In order to try and protect what they had left, some of the Japanese ships were ordered out of Manila to anchorages in the Busuanga Channel, where they thought would be safe as they were out of range.
One of these was the IRAKO, a refrigeration ship which supplied the Musashi (or was it the Yamato?) They were bombed in Manila Bay on the 22nd then left for Busuanga, arriving there at 4 am on the morning of the 24th.
Meanwhile, Task Group 38 withdrew out to sea to the east of the Philippines to RV with their supply fleet, refuel and rearm, and then, during the night of 23/24th steamed back towards the Philippines again, to carry out orders received from Admiral Halsey during the course of day of the 23rd .
By about 5 am on the morning of the 24th, the carrier fleet was in position, about 50 miles north-east off the cost of Samar, they turned into the wind and the first wave of aircraft were launched about 0530.
Now, where did Halseys orders come from? There is an anecdote about how the ships were identified at Coron; the story is that there was a photo reconnaissance flight that passed overhead and took pictures of what were thought to be islands. Then, the story goes, a second flight photographed the area again, whereupon some sharp eyed Air Photo Interpreter realised that these “islands” had turned on the tide.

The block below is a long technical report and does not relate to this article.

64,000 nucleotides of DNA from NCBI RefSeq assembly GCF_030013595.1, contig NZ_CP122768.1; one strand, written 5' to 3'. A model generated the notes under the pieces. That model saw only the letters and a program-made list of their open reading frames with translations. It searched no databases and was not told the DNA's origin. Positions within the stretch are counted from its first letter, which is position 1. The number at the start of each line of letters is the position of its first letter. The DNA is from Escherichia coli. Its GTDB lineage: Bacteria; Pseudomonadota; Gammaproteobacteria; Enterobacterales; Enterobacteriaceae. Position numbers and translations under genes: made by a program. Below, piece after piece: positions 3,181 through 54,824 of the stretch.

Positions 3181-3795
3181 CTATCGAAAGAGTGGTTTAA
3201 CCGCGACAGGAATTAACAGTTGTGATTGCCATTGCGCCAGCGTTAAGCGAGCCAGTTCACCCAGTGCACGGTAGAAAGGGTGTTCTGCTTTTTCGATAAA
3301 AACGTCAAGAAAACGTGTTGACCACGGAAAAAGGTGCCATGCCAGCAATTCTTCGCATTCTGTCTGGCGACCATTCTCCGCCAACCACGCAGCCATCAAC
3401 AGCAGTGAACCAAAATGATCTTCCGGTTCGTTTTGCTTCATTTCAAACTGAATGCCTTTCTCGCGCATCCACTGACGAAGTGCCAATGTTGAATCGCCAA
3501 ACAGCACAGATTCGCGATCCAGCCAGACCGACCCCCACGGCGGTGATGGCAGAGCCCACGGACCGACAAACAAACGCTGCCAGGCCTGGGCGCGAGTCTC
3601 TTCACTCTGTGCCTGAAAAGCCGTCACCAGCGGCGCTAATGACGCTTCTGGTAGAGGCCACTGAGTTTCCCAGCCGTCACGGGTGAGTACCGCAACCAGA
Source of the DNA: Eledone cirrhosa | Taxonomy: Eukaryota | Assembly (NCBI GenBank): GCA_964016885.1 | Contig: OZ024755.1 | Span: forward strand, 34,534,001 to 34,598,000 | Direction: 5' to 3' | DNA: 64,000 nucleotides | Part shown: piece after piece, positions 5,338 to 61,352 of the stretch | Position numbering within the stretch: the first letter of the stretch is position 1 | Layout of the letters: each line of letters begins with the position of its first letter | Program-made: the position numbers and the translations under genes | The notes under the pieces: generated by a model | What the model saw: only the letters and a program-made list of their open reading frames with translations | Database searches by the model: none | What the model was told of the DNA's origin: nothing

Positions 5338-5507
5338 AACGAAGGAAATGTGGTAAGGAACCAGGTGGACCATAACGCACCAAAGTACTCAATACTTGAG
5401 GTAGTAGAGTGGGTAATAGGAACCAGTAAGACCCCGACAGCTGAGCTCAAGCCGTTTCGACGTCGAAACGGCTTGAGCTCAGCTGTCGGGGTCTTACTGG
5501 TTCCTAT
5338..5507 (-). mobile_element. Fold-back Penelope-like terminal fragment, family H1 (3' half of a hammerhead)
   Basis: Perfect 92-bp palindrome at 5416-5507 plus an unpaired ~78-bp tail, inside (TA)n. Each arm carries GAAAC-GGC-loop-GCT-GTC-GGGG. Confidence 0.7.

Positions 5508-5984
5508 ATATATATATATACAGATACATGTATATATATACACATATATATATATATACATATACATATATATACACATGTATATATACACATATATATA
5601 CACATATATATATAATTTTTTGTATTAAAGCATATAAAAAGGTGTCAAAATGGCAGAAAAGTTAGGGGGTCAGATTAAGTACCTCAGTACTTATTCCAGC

Nice story, but untrue.
- There were no American aircraft over that part of the Phils because they would have been too far out of range.
- The invasion of Leyte was only a month later, so planning must have been well advanced for that operation
- It makes no tactical sense to take the fleet in between Palawan and the main group of the islands of the Philippines because they would be bottled up without any space to maneuver.
- Many of the ships that were anchored there only arrived late in the afternoon on the 23rd so there was not enough tome to have had two sorties then order up an airstrike.
- The Americans knew the ships were going to be anchored there - and the only way that that would have been possible, was because they had intercepted the radio messages and broken the code.
- My submission is that this strike was ordered as a result of a signals intercept.
- So, Task Group 38 consists of a total of 12 aircraft carriers, and the mission consists of SB2c Helldiver bombers escorted by F6F Hellcats. There were something like 180 aircraft on the mission, which, at the time, was the longest range mission ever attempted by carrier based aircraft. From the launch site to the target was 343 miles (as the crow flies.)